The IBPOC Fellowship & Arcweave's Partnership with PXR
IBPOC fellowship director and creator of the Nefertiti Experience, Debbie Deer, discusses Arcweave's role in the emerging field of performance and XR.
Single Thread Theatre Company, creator of the IBPOC Fellowship, is an official Arcweave Ambassador. Arcweave is also a proud sponsor of the IBPOC Fellowship which gives indigenous, black, and people of colour artists the opportunity to learn XR. XR is a field of emerging technology which refers to extended reality and encompasses virtual, augmented, and mixed reality.
Firstly, do you mind just sharing a bit about yourself and how you’re involved with the IBPOC fellowship?
DD: I’m Debbie Deer, I’m a creative technologist specializing in virtual, augmented, and mixed reality production for education, entertainment, and advertising.
I got involved in the fellowship because two years ago they actually had me as a presenter for one of my XR pieces, the Nefertiti experience, and then I was honoured enough to be mentored with the OYA Scale Up Immersive Program and I came back to PXR and said, ‘Hey we should do a program like this because it really saved my life.' We applied for funding through the Canada Arts Council, and… we got through! So, now it’s been two years and they invited me to be the director.
Debbie Deer acts as the director of the IBPOC Fellowship, CEO of Debbie Deer Productions, and CEO of Orion Digital Innovations and Creations Inc.
Why was that program so lifechanging for you?
DD: Oh my gosh, so... before XR, I was in digital media, and I still am — I have a production company called Debbie Deer productions. And, I was just kind of experimenting with my piece, The Nefertiti Experience, which was initially theatre but when we saw the Mandalorian and Unreal Engine came out, we saw the potential of making an XR piece — that’s what started my career.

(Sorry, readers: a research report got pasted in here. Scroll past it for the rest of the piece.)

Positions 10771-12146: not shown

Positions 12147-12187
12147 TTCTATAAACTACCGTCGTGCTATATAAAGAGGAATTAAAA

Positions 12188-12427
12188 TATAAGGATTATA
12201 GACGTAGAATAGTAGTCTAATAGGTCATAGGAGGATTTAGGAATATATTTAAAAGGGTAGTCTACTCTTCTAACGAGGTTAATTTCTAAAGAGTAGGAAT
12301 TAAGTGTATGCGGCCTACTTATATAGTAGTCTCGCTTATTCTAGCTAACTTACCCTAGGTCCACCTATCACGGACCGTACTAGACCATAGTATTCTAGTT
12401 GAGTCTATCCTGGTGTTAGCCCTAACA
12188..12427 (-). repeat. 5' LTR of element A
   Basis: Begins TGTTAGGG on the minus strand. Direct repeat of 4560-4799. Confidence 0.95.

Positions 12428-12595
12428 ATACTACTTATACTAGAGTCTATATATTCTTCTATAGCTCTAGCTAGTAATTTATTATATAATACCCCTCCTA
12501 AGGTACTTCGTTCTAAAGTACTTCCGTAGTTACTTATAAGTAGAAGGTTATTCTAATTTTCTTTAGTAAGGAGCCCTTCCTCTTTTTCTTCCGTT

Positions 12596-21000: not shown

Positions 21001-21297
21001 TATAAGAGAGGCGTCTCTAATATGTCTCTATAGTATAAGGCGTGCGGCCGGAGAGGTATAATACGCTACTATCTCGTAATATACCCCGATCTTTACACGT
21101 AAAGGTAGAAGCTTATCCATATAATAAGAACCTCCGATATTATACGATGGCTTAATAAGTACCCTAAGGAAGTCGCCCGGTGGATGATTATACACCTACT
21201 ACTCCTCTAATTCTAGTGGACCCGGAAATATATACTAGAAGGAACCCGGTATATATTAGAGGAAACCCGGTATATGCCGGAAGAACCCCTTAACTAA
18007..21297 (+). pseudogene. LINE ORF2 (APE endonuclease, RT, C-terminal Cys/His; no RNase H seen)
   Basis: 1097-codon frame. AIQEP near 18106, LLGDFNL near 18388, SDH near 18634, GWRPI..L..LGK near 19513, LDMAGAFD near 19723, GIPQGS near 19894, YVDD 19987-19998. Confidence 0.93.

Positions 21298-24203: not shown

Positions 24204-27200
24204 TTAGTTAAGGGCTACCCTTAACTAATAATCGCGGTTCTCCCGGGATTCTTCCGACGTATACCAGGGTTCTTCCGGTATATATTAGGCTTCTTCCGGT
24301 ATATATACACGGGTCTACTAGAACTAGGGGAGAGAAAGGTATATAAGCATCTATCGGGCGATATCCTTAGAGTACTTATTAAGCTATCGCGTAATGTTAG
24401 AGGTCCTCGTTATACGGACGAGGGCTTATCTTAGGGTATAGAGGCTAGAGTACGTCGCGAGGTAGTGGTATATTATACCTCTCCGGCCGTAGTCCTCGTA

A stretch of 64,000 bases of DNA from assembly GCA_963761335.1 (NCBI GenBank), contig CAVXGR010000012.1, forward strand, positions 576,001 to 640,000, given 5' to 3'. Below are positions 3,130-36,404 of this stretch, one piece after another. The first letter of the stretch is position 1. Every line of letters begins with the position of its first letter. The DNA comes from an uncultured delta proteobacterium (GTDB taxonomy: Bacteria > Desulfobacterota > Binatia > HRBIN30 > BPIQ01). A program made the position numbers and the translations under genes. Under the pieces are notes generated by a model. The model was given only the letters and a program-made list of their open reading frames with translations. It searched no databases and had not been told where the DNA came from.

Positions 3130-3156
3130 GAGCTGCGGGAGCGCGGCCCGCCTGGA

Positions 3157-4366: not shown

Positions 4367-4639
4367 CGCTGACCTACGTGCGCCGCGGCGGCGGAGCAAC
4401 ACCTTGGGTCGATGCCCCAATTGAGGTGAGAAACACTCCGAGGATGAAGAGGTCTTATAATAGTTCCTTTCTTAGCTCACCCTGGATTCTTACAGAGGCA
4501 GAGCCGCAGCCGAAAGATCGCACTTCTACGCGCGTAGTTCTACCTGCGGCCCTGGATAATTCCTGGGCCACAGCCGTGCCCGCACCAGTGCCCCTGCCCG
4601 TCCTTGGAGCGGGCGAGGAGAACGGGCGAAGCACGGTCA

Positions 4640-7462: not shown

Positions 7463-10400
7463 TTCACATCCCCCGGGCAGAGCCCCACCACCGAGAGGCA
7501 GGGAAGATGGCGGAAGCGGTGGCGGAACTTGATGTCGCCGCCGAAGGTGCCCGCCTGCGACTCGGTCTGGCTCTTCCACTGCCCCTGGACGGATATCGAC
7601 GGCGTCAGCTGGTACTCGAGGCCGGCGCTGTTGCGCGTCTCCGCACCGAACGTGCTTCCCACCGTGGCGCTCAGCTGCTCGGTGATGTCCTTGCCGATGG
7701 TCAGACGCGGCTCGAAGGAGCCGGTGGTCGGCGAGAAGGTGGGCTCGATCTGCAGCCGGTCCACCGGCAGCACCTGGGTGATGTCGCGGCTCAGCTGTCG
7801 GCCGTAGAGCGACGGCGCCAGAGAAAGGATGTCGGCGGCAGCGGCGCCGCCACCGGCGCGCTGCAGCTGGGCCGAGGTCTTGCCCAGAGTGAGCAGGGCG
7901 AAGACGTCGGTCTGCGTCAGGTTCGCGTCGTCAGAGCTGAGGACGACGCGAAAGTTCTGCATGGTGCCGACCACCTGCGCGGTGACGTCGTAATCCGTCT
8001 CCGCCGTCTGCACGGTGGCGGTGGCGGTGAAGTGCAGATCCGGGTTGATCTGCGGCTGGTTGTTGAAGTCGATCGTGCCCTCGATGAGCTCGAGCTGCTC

But the program itself, the fellowship, basically it allowed me to go from mentee that was just interested as an enthusiast or hobbyist to full on 100% rockets go incorporated company/fellowship director because the need kind of presented itself. Like, they needed someone who was going to kind of take the reins and say, ‘Ok well you’ve had more experience than most as a mentee, how can you translate that information as a director?'
So, being a mentee with the OYA Scale Up Immersive, similarly, I went from being curious to how I get into the business to being mentored by people who are working with, not to namedrop but, JayZ and Agile Lens… I just starred in the Christmas Carol VR which today the Apple Pro Vision featured as like a feature show, so… working with Epic Games, working with Agile Lens… yeah, my life kind of changed in the sense that it quickly went from you’re a mentee, you’re building a plane, now you’re flying the plane, now you’re teaching others how to fly it.
Oya Scale Up Immersive Media Lab is a free specialized 5-month accelerator program, crafted specifically to catalyse the growth of 10 Black-owned media production companies.
Has the fellowship changed much?
DD: Great question. So, it’s changed a lot. Initially when we did it last year, it was more theory-based, like, we were learning together. And, there were some beautiful things that came out of it because we gave opportunity to emerging indigenous, black, people of colour artists. But, we didn’t have as much structure, we didn’t know what were important aspects of production like what should we ask the mentors to talk about; what do the fellows need?
So, this year we’ve really improved on that by being a lot more critical with the curriculum, like tailoring it to be more practical-production based in the build versus more theoretical-literary based. And, Arcweave, to plug you all, you have been a really instrumental part because I learnt your software through the OYA Scale Up Immersive program. My mentor said, 'This is an awesome piece of software, it’s like user experience, user interface, you can write scripts in it too...' It just… there was nothing else like it. Now I know Arcweave a lot better and I was able to share that with the fellows so, that’s part of the improvement as well.
The IBPOC Fellowship was created by Single Thread Theatre Company in order to explore the emerging medium of XR (extended reality).
How do you think the partnership between Arcweave and the fellowship will enrich and improve the program?
DD: I think it will tremendously improve the program. Firstly, it’s nice to just be supported, you know, and seen by another software company that cares about gaming and XR productions so, that’s really awesome. And then, having your expertise on hand to say, you know… there are things even I don’t know about Arcweave, there are things even the tutorials may not go through, but we would have you right there to assist us. I think that would be very meaningful to the fellows, and they’re all pumped to use it, they’re like, ‘We love this, it’s so cool’.